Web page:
US diplomat: Kashmir human rights a concern for Washington

A Kashmiri woman walks as security personnel stand guard near a clock tower during a lockdown in central Srinagar on September 27, 2019. (AFP)
Updated 22 October 2019

US diplomat: Kashmir human rights a concern for Washington

  • Statement comes ahead of a congressional hearing in Washington on human rights in South Asia
  • Indian government imposed security lockdown and communications blackout in Kashmir, detaining thousands, after abolishing the valley’s special status 

NEW DELHI: The Trump administration remains concerned about the ongoing crackdown in Indian-administered Kashmir, the restive Himalayan region stripped of its special constitutional status in August, but supports India’s development “objectives” there, a US diplomat said in a statement Tuesday ahead of a congressional hearing in Washington.
Acting Assistant Secretary of State for South and Central Asia Alice Wells said the US State Department has encouraged India to restore phone and Internet access and release detainees in the region. After India’s Parliament voted to remove a constitutional provision that gave Kashmiris semi-autonomy and a right to their own constitution, flag, and land, Prime Minister Narendra Modi’s government imposed a security lockdown and communications blackout. Thousands of people were detained.
Some phone connectivity has been restored, but Internet services remain down.
The US House Foreign Affairs Subcommittee on Asia, the Pacific and Nonproliferation are meeting Tuesday on human rights in South Asia. The subcommittee’s chairman, Rep. Brad Sherman, a Democrat from California, has said the focus will be on Kashmir, where life has been disrupted for nearly 8 million people.
Both Democratic and Republican lawmakers have expressed concern about human rights in Kashmir in recent months. Earlier this month, Democratic Sen. Chris Van Hollen of Maryland told reporters in New Delhi that he and other members of a US delegation to India were not blocked by the Indian government from visiting Kashmir.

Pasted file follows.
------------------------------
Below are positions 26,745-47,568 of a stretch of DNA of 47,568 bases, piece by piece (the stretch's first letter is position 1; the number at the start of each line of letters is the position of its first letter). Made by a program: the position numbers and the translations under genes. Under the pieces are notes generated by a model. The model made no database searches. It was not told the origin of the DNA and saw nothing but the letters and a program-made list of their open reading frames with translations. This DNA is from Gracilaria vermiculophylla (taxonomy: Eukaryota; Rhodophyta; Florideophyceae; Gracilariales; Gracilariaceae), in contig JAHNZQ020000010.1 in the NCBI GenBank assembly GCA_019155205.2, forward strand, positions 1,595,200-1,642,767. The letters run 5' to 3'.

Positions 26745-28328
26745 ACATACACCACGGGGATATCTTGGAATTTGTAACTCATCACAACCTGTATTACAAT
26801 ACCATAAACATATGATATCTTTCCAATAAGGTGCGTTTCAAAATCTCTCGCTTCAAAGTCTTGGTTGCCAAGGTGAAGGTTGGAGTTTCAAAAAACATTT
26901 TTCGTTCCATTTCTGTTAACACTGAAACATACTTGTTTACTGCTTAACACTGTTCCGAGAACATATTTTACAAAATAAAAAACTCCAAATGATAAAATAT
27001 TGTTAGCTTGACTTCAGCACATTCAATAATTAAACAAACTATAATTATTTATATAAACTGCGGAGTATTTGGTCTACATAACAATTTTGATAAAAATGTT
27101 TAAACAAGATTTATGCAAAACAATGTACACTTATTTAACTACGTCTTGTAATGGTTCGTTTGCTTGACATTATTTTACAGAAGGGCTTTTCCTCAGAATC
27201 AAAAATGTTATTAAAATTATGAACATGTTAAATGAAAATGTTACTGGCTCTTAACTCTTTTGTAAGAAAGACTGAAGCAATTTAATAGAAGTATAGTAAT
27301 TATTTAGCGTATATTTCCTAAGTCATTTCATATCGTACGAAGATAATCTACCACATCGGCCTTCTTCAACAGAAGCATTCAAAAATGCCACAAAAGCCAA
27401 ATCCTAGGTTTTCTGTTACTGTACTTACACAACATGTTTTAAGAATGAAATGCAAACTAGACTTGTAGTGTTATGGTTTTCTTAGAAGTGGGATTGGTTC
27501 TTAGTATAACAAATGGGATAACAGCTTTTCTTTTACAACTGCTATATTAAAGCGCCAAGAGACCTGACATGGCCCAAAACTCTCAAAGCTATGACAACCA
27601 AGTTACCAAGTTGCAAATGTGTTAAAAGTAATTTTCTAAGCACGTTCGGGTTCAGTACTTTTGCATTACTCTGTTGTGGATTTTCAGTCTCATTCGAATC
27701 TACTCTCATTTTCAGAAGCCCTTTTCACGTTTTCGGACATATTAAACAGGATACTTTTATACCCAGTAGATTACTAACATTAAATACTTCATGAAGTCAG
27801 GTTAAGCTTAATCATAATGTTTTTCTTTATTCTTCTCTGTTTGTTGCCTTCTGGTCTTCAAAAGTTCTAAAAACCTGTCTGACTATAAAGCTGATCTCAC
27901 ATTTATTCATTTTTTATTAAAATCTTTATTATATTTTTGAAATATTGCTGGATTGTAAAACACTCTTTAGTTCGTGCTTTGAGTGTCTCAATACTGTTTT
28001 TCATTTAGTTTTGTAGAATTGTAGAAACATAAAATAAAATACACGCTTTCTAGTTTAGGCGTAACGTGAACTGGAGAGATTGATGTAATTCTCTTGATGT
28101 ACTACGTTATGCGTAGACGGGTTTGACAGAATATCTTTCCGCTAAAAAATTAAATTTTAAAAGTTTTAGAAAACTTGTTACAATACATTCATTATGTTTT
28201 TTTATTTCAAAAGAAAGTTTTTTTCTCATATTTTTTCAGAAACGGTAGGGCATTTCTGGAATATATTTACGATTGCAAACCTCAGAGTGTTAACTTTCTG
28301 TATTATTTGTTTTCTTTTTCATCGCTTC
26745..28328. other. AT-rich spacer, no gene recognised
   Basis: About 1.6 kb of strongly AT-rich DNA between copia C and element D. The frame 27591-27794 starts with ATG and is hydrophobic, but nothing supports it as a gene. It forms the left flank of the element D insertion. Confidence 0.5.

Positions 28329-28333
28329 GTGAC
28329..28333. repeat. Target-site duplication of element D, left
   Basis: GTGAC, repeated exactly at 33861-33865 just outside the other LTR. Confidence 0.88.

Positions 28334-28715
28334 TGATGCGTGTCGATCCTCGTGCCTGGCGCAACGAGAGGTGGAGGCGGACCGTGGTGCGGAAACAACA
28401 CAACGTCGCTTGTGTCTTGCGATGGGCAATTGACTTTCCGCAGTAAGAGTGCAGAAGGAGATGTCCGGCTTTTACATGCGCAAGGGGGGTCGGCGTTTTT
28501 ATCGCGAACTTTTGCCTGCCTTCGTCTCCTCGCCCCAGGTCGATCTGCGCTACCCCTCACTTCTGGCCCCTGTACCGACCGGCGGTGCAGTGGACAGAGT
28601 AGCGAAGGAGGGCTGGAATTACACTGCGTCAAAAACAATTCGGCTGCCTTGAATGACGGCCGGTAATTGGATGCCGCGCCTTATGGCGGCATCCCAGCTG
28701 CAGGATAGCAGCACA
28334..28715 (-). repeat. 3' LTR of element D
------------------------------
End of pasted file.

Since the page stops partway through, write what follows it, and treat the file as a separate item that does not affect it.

In the statement, Wells also said that direct dialogue between India and Pakistan held the most potential for reducing regional tensions. The archrival countries each administer a portion of Kashmir, but both claim the region in its entirety.
Wells called out Pakistan for its “continued support of extremist groups that engage in cross-border terrorism.”
In July, President Donald Trump said that he offered to mediate India-Pakistan talks on Kashmir. India’s foreign minister has repeatedly denied the claim.
“The tenor of the Kashmir discussion in the US is something that India will be looking at closely,” said Brahma Chellaney, a professor at the New Delhi-based Center for Policy Research.
The House hearing on Tuesday will also take up a citizen registry effort in northeast India that has placed the legal status of about 2 million people in limbo, as well as human rights issues in Pakistan and Sri Lanka, according to Sherman’s office. 

Pakistan tests ballistic missile amid tensions with India

Updated 18 November 2019

Pakistan tests ballistic missile amid tensions with India

  • Shaheen-I is capable of carrying both conventional and nuclear warheads
  • Troops commended for handling the potent weapon system and ensuring “minimum deterrence“

ISLAMABAD: Pakistan on Monday conducted a “successful” training launch of the Shaheen-I, a surface-to-surface ballistic missile that is capable of carrying both conventional and nuclear warheads up to a range of 650 kilometers, a statement released by the army’s media wing, the ISPR said.

“The launch was conducted as part of a training exercise which was aimed at testing the operational readiness of the Army Strategic Forces Command. Shaheen-I missile is capable of delivering all types of warheads up to a range of 650 kilometers,” it added.

Director General Strategic Plans Division, Commander Army Strategic Forces Command, and other senior officials, including scientists and engineers, oversaw the launch on Monday wherein troops displayed a high standard of proficiency in “handling and operating the potent weapon system, ensuring Pakistan’s credible minimum deterrence.”

It comes amid heightened tensions between Pakistan and India after New Delhi’s decision to revoke the special autonomous status of the disputed territory of Kashmir on August 5. 

Both India and Pakistan have fought three wars over the Kashmir region since 1947 when the two got independence from British rule.